I was not aware till I came across a Globe and Mail article from September 10 that Nova Scotia has provincial electoral districts that are drawn for the benefit of two groups: Acadians and African-Nova Scotians. These “dedicated ridings”, or what in the US would be called minority-majority districts, represent cases of affirmative gerrymandering: the drawing of district boundaries to enhance minority representation.
The article says that these districts are believed to be the only ones of their kind in Canada.
These districts were established 20 years ago. The NDP government of the province has appointed a boundaries commission to attempt to equalize populations of districts (ridings). The commission’s terms of reference require each riding be within 25 per cent of the province’s average number of electors. Nonetheless, the commission recommended retaining the affirmatively gerrymandered ridings. The commission regarded the terms as non-binding; the government’s attorney general has considered the proposed retention of the districts as “null and void.” (See map of proposed changes.)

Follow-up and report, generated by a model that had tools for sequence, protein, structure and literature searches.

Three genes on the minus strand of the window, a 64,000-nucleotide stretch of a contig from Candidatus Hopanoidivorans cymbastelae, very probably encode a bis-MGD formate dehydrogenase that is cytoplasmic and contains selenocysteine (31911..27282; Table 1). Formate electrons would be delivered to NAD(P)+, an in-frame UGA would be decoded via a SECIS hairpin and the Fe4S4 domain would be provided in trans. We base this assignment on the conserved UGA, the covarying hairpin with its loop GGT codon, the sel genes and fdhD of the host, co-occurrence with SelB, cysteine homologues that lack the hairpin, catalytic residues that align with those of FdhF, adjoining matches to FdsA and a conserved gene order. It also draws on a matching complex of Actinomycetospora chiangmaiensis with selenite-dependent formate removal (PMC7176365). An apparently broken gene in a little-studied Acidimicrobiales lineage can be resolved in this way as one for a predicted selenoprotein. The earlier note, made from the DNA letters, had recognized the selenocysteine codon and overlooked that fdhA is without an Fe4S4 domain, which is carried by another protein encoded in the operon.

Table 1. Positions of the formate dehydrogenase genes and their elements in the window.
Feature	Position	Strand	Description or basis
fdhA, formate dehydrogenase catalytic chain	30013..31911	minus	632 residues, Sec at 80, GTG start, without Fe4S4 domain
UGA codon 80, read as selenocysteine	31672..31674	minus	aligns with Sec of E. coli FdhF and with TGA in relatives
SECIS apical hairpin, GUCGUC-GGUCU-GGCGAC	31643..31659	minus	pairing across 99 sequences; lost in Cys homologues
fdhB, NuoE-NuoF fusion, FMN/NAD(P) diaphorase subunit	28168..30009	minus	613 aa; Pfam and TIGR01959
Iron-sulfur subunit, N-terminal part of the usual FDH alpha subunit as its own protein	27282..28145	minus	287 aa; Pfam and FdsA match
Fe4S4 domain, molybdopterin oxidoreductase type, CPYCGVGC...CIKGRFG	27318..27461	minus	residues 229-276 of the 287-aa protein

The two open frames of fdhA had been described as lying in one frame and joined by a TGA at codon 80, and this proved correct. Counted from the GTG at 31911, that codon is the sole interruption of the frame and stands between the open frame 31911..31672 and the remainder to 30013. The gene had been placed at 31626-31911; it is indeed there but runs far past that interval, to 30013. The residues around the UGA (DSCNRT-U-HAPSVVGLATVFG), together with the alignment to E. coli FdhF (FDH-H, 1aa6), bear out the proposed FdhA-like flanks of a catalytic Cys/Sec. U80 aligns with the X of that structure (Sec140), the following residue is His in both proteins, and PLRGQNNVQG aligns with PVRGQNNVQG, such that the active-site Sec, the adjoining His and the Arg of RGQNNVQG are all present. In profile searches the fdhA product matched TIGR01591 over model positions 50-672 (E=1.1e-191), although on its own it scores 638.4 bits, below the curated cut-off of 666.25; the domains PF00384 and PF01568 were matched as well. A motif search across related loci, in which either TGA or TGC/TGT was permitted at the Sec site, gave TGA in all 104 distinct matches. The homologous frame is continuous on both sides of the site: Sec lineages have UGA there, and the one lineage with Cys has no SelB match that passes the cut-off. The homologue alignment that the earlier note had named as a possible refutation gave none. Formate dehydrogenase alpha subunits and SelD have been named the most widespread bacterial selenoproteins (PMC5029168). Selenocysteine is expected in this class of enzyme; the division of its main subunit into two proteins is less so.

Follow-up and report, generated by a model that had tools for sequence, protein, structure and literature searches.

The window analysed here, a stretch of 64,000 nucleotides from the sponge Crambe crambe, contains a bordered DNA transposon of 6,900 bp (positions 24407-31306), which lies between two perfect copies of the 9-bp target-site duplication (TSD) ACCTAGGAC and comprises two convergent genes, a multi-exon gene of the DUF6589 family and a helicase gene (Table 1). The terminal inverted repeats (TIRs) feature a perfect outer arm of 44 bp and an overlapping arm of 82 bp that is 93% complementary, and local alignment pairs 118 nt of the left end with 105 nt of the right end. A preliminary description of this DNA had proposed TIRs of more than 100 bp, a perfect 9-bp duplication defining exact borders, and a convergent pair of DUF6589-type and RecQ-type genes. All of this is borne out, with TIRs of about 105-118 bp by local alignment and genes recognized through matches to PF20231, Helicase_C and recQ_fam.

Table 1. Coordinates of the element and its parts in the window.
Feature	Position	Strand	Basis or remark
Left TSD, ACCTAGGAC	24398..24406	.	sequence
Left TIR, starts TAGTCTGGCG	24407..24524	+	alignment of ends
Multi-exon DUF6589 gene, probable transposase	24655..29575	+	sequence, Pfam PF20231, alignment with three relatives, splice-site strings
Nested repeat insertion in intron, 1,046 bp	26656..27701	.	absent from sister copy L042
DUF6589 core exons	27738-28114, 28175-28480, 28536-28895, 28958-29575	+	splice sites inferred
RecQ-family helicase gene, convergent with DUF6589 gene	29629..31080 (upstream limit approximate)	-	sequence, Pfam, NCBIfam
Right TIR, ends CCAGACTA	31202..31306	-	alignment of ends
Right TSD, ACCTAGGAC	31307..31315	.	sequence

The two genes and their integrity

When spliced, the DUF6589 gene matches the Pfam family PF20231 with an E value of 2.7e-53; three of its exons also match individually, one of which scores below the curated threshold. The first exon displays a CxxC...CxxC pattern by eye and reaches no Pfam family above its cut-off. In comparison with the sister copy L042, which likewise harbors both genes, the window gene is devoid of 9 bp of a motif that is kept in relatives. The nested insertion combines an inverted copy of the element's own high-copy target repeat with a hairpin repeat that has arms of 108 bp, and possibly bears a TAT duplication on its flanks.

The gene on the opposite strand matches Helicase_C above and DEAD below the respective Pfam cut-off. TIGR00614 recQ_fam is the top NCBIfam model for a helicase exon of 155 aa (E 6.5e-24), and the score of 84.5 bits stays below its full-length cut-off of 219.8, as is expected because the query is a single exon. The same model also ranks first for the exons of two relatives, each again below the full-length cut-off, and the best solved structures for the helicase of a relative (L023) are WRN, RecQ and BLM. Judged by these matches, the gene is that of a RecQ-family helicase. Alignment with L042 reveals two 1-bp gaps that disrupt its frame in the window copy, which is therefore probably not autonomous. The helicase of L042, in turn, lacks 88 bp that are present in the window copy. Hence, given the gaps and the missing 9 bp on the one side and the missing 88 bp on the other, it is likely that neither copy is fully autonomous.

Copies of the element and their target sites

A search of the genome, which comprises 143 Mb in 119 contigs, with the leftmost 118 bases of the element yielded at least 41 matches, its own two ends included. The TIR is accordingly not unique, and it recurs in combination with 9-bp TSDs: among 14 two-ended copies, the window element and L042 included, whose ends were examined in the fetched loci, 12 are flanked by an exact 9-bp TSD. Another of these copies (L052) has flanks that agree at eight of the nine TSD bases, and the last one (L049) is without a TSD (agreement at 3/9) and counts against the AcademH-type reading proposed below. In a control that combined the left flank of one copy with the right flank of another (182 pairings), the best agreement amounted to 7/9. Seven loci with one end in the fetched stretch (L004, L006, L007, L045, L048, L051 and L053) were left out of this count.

Regarding the districts themselves:
Right now there are three Acadian MLAs representing the Acadian ridings, but there has not been an African-Nova Scotian MLA in the designated black riding of Preston (outside Dartmouth) for more than 13 years. The ridings each have about 7,000 voters, far fewer than the other 48 ridings which vary between 10,000 and 21,000 voters.
Thus the districts are not only gerrymandered–drawn for a political purposes–but also malapportioned, meaning having fewer voters per single-seat district.
A very interesting case not only of boundary-drawing for minority representation, but also commission-vs.-government conflict over the process!